Power and the Nation in European History

Front Cover
Len Scales, Oliver Zimmer
Cambridge University Press, Jun 9, 2005 - History - 402 pages
Few would doubt the central importance of 'the nation' in the making and unmaking of modern political communities. But when did 'the nation' first become a fundamental political factor? This book engages the expertise of modern historians in an attempt to resolve the issue. A deep rift still separates 'modernist' perspectives, which view the political nation as a phenomenon limited to modern, industrialized societies, from the views of scholars concerned with the pre-industrial world who insist, often vehemently, that nations were central to pre-modern political life also.

What people are saying - Write a review

We haven't found any reviews in the usual places.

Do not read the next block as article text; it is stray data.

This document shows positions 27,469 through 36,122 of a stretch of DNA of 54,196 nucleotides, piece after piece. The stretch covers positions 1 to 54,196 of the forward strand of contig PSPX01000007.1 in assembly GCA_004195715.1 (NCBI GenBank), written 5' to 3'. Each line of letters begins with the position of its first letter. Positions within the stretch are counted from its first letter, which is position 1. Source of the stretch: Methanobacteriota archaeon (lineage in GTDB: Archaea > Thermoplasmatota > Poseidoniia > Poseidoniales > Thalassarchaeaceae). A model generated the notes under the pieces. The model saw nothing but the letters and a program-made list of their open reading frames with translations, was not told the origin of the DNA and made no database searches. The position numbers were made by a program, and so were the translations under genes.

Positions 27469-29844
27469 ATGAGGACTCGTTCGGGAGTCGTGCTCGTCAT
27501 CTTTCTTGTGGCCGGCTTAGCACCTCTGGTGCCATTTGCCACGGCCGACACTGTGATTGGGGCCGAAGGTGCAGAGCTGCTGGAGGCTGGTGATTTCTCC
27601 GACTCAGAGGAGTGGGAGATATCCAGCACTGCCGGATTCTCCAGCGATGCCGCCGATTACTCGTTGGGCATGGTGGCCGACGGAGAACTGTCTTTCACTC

Other editions - View all

About the author (2005)

Len Scales is Lecturer in Medieval History at the University of Durham. He has written articles for various journals such as Past and Present and the Journal of Contemporary History.

Oliver Zimmer was educated at the University of Zurich (Lic. Phil. I) and at the London School of Economics and Political Science (PhD), and he began his academic career at the University of Durham in 1999. In 2005 he took up a University Lectureship (CUF) at the University of Oxford. Previous publications include A Contested Nation: History, Memory and Nationalism in Switzerland 1761 891 (Cambridge, 2003) and Nationalism in Europe, 1890 940 (2003).

Bibliographic information